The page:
Oct 15, 2020 - Politics & Policy

Why Democrats remain nervous about Biden's chances


A 2020 selfie, in Pembroke Pines, Fla., on Tuesday. Photo: Chip Somodevilla/Getty Images

In private, some top Democrats remain nervous about the presidential race, despite Joe Biden's lead in swing state after swing state — and strength in states that had looked out of reach (including Georgia, Ohio and Iowa).

Why it matters: The ghost of 2016, when most "experts" looked foolish, haunts Democrats, who see a big win in their data, but fear being blindsided again.

Tom Edsall, who works the political science beat for New York Times Opinion, is up with a smart piece, "Biden Is Not Out of the Woods."

  • The most interesting data was a massive surge in registration for working-class whites.
  • Edsall quotes a Democratic strategist's privately circulated newsletter as reporting that white, non-college, over-30 registrations in battleground states had recently "increased by 10 points compared to September 2016, and the Democratic margin dropped 10 points to just six points."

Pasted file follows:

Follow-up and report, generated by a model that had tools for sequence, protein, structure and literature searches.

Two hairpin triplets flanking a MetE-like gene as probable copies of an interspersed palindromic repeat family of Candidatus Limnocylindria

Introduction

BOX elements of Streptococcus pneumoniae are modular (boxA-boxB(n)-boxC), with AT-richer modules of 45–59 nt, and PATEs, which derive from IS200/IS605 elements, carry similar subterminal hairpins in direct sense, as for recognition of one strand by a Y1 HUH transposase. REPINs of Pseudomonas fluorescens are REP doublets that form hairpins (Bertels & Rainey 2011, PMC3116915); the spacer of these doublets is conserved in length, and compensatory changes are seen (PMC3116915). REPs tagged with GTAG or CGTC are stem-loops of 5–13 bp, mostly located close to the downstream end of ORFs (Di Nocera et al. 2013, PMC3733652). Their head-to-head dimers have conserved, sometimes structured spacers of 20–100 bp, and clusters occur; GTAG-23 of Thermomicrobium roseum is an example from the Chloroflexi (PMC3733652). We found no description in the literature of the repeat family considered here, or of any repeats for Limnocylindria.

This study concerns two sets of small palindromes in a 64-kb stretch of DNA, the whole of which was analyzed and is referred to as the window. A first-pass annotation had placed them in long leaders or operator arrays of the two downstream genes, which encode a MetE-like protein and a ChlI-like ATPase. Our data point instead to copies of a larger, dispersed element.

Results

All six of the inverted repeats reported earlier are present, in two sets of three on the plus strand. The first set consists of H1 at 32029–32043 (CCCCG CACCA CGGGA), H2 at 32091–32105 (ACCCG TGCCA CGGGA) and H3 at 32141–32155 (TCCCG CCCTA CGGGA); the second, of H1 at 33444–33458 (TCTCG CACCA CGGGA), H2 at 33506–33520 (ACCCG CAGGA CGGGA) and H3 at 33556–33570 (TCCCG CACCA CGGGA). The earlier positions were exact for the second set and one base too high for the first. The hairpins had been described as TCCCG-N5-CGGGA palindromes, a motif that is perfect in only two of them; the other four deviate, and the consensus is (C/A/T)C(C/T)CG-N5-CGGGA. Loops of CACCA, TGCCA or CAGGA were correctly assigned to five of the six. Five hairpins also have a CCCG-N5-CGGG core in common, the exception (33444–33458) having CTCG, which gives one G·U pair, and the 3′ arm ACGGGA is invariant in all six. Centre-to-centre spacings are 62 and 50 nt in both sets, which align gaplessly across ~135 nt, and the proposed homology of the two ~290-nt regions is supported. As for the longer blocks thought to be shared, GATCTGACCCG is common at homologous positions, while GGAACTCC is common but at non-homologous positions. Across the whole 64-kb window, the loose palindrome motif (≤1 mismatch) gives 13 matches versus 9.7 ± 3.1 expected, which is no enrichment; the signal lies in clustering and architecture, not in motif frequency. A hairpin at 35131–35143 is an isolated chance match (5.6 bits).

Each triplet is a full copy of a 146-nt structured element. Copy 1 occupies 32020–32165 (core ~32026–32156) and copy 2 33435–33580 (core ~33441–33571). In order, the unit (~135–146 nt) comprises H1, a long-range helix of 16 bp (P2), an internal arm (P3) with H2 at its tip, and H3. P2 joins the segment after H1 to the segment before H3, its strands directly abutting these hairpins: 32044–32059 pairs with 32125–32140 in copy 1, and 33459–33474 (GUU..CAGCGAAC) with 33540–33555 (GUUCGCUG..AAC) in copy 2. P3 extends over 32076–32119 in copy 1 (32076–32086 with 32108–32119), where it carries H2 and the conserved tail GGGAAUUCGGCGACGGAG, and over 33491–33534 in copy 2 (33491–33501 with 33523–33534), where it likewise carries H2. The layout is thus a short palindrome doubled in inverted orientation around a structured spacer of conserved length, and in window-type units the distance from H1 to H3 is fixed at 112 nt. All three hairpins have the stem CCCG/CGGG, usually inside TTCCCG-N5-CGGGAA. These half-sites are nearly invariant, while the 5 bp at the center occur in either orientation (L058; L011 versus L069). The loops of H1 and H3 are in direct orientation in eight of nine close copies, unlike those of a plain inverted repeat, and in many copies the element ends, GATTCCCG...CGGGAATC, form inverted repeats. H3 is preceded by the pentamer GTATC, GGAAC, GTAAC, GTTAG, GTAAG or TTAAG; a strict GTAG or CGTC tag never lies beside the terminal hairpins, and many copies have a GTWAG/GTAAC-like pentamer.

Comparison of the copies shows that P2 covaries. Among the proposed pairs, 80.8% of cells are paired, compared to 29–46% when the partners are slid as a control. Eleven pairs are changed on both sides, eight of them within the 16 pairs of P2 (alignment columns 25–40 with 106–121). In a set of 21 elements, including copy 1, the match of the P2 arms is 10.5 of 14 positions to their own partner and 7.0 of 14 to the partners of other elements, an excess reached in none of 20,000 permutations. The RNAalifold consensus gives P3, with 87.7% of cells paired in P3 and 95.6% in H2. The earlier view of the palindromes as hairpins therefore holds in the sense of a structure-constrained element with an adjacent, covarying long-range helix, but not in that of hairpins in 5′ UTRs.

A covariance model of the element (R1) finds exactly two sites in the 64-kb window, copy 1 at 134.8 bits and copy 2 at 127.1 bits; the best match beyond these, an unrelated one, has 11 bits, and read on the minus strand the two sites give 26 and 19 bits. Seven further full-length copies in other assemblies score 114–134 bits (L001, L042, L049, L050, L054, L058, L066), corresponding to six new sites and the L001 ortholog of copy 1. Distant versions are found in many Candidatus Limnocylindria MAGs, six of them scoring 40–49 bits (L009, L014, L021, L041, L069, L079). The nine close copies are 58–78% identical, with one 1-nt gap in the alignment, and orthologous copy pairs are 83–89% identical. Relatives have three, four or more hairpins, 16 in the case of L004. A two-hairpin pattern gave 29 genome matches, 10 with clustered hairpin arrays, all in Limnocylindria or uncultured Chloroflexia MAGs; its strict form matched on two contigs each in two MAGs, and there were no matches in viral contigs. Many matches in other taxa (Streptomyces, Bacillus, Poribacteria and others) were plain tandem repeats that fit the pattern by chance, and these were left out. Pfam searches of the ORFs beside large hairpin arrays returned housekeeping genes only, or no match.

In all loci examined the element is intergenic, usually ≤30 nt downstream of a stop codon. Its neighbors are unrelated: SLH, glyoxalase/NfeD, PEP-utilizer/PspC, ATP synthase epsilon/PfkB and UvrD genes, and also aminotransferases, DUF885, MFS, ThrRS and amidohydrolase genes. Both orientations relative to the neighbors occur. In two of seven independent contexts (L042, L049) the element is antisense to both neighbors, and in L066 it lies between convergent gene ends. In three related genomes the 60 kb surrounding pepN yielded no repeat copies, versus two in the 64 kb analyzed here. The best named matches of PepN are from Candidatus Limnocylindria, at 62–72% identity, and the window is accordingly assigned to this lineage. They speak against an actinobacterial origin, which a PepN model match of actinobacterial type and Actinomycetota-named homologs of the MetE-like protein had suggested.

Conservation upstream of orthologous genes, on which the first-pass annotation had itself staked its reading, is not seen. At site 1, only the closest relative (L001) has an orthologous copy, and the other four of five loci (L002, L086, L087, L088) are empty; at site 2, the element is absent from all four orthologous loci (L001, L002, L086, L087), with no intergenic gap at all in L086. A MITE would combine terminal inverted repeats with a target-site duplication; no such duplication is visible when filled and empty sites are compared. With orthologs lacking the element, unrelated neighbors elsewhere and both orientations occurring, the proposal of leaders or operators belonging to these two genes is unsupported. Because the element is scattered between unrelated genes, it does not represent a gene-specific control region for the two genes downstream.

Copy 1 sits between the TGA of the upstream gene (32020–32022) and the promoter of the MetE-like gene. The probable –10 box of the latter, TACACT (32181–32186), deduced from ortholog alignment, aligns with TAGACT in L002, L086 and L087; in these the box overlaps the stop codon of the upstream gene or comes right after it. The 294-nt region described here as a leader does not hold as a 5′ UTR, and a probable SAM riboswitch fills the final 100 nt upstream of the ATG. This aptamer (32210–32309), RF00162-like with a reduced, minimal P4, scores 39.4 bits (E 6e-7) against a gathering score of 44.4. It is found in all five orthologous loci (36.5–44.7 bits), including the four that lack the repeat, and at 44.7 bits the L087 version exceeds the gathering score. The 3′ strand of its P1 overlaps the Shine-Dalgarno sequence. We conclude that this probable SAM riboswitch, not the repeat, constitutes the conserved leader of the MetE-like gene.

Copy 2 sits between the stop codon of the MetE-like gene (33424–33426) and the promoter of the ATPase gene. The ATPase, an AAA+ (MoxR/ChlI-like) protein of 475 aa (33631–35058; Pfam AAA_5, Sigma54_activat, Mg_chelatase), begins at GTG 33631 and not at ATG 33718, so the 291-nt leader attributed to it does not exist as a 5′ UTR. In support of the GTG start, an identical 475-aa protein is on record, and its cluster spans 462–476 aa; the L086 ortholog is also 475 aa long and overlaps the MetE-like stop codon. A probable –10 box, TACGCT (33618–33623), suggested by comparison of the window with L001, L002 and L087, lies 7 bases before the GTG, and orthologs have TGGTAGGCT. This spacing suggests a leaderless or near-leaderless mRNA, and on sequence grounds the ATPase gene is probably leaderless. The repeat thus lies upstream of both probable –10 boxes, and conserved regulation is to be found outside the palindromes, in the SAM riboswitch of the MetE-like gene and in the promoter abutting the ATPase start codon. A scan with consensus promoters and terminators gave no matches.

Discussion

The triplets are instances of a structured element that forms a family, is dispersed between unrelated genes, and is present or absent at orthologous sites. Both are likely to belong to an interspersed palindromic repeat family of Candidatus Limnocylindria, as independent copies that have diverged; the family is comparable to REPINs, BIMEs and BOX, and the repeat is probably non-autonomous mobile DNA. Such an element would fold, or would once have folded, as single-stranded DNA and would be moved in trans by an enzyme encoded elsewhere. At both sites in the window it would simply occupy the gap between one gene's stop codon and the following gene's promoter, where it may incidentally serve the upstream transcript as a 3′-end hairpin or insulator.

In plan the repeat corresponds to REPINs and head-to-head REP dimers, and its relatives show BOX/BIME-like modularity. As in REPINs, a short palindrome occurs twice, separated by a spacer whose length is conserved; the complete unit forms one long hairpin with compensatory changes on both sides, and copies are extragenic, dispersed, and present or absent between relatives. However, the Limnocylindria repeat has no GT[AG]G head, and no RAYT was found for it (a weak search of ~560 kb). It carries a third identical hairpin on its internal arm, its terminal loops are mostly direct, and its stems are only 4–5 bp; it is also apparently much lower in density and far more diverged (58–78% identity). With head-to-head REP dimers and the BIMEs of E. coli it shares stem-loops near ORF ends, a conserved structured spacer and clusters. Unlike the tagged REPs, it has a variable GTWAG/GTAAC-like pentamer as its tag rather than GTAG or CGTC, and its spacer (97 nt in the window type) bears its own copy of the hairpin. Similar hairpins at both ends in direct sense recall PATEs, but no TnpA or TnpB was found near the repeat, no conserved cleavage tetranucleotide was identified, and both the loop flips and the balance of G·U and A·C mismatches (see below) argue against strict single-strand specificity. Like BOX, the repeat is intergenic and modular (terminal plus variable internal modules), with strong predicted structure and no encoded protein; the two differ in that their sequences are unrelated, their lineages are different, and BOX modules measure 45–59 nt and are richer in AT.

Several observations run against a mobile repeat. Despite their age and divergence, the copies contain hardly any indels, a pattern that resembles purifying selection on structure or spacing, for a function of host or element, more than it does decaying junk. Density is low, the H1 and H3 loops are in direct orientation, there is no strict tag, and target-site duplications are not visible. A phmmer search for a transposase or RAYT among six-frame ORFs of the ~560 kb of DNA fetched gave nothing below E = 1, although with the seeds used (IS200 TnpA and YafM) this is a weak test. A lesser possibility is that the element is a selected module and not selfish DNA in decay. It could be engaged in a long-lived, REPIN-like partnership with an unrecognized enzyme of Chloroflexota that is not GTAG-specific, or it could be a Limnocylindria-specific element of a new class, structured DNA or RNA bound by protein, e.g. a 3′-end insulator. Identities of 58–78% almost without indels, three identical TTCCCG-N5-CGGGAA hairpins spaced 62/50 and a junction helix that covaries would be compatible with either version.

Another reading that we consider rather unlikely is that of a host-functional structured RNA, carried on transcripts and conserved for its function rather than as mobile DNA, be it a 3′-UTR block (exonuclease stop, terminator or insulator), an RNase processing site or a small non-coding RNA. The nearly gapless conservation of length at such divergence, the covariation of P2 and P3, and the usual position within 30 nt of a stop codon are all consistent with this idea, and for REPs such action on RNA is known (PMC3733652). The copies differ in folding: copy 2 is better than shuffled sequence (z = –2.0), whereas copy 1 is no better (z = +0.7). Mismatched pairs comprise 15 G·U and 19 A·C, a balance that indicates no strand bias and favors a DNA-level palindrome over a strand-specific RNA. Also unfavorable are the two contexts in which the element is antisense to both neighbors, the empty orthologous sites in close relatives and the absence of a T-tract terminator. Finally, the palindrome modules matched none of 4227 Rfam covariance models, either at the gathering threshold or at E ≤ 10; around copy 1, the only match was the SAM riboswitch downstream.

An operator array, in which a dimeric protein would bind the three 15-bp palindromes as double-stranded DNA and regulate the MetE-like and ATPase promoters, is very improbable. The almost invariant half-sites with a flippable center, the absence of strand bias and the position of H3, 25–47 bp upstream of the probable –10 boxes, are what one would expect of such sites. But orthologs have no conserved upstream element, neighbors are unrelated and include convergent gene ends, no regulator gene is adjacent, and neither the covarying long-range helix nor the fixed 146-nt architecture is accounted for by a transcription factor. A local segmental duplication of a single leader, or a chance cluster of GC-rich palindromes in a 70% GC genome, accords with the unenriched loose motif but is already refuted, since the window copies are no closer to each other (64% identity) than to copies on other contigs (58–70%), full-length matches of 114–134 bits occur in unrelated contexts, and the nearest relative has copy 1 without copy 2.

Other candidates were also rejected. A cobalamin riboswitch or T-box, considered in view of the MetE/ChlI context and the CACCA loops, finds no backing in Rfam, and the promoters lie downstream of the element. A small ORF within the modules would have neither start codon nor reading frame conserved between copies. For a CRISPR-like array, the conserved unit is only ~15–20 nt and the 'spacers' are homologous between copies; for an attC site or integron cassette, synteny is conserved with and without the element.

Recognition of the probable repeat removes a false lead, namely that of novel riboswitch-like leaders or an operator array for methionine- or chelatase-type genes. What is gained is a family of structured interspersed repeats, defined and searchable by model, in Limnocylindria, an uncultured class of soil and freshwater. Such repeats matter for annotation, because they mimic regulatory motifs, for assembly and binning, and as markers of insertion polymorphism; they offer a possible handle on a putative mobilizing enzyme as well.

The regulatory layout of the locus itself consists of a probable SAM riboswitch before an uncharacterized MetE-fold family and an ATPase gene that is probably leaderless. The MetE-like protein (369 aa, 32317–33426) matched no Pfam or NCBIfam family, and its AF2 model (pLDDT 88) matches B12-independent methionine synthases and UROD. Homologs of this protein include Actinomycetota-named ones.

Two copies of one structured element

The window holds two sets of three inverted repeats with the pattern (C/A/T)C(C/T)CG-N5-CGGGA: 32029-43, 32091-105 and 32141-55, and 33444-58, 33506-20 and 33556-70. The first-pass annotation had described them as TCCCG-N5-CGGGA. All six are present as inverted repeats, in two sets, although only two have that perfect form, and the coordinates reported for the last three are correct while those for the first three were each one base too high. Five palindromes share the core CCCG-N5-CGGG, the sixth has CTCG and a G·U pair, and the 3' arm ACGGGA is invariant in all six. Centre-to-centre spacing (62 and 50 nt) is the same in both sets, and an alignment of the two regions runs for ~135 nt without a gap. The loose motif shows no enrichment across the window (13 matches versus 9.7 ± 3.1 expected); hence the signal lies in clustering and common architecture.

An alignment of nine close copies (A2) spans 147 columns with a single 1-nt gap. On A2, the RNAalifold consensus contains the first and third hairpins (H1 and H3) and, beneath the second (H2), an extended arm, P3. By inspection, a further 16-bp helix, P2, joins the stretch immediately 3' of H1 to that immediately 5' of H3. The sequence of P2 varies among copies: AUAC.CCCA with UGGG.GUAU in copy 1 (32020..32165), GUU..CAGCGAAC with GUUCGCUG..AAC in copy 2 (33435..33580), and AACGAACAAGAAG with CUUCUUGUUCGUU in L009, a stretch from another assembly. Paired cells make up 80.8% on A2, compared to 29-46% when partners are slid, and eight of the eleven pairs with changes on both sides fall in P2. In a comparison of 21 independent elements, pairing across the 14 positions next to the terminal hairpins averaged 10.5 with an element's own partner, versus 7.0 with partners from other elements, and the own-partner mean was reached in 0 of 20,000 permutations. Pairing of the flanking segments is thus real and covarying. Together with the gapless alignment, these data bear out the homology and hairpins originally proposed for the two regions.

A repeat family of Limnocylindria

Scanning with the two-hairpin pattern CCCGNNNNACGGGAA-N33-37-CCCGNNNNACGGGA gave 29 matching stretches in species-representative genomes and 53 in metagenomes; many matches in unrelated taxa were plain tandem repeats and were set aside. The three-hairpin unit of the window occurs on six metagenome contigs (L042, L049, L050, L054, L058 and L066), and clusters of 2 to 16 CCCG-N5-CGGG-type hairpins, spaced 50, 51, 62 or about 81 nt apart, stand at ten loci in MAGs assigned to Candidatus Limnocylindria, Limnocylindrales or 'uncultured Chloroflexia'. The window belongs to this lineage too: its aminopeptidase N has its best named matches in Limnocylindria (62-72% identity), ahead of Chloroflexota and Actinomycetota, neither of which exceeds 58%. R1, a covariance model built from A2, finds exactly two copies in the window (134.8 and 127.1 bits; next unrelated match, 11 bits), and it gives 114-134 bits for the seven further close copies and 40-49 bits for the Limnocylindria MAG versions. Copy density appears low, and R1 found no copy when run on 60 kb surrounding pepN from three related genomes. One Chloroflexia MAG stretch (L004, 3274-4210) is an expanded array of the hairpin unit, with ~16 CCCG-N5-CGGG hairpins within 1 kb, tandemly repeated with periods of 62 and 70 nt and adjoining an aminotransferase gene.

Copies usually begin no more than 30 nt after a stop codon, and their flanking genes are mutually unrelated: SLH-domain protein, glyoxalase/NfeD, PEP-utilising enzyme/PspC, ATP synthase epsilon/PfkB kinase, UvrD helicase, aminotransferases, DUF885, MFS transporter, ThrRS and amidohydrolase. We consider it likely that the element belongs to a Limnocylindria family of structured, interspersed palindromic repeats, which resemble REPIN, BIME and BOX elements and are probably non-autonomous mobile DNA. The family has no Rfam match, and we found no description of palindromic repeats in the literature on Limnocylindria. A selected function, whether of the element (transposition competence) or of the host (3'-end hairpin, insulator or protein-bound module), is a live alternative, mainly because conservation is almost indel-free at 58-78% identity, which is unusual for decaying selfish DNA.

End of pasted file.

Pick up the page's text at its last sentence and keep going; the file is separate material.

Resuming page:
Another key point: Pew Research Center polling shows what Edsall calls "a modest drop in the Democratic margin of support among Hispanic Catholics" and "modestly weakened support among Black women."

  • And, of course, operatives worry about hazards in properly returning mail-in ballots.

🐦 The bottom line ... Biden campaign manager Jen O'Malley Dillon tweeted last night: "[T]here is still a long way to go in this campaign, and we think this race is far closer than folks on this website think. Like a lot closer."

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